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Card Throwing - magic or martial art?

Is it magic? Is it a martial art? I couldn't tell either. Whatever it is, it's about throwing cards. To wit:
"Throwing cards has two lines of history which blur as we reach the 20th century. Not surprisingly for a martial art, these two lines are eastern, and western. The West had its beginnings in the mystique of illusion and magic. Card magicians and stage magicians both loved the flying card. It wasn't until about the late 1800s that it became popular. A stage magician by the name of Howard Thurston had finally mastered throwing cards from the stage, high up over the audience to the people in the cheapest seats. Just before him, and less known, was Alexander Herrmann who was the first to include it as a major performance in his act."
Martial art-wise, card-throwing author Tony Lee cautions:
"This is a tough martial art. But not a 'martial = war' art. It is a martial art as in the spirit martial arts are meant in the Far East - as enriching experiences in life. And so I will not teach you how to hurt someone with this. That's right. It is impossible to turn these into deadly weapons without something extra. That something you will not get from this."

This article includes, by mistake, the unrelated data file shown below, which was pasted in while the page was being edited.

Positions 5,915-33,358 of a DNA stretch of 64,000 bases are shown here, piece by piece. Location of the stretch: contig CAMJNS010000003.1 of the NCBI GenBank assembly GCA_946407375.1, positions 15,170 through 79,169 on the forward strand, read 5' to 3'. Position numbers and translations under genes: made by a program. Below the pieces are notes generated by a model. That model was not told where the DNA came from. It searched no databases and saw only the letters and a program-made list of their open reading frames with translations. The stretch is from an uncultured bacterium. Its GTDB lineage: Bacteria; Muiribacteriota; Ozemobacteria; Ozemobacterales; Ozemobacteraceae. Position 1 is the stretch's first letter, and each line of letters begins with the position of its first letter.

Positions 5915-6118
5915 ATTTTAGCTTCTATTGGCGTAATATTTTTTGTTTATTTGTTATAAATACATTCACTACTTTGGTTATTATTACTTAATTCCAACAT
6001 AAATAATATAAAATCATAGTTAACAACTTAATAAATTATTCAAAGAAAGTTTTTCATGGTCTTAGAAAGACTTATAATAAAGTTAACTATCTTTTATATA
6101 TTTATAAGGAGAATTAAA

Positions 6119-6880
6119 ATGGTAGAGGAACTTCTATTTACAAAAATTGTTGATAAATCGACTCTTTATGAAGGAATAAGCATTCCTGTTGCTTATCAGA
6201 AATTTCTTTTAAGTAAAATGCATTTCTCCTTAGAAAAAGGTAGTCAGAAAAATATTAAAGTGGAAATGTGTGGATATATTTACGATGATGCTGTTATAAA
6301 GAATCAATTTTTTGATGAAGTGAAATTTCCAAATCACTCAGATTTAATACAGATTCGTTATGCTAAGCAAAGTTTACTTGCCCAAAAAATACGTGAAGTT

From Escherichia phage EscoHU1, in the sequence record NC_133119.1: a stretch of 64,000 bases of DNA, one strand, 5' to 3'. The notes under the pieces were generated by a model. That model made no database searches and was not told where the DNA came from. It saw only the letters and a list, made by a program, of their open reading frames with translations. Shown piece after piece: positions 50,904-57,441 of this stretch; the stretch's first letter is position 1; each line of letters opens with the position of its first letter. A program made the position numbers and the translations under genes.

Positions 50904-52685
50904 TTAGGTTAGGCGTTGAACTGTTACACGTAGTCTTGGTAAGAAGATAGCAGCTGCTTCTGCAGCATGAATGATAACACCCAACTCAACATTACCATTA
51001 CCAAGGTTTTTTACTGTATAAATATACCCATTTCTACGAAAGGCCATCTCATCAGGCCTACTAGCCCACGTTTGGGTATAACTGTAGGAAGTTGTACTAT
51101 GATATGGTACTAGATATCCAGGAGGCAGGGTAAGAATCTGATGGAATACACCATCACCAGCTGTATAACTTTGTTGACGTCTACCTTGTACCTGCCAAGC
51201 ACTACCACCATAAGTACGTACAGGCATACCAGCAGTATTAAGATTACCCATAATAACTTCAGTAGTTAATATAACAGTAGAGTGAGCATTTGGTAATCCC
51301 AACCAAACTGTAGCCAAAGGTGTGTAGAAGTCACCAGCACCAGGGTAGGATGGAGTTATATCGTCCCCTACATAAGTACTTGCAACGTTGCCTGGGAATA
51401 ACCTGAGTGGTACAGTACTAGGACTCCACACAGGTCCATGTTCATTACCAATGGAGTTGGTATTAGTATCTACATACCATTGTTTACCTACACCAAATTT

But it is something you can get from photos and notes abstracted from Ricky Jay's out-of-print "Cards as Weapons," where we learn, for example, of a type of throw called "The Butterfly Swirl," that "...in the pain-tolerance tests conducted at Duke University many people described...with the word aculeus which is defined as the bite of an insect, hence the slogan 'Float like a butterfly, sting like a bee.'"

Whatever way you decide to take it, card throwing, like most fun things, is as magical as it is potentially painful, leading you to realms of play that are unexpectedly rich, and sometimes downright dangerous.

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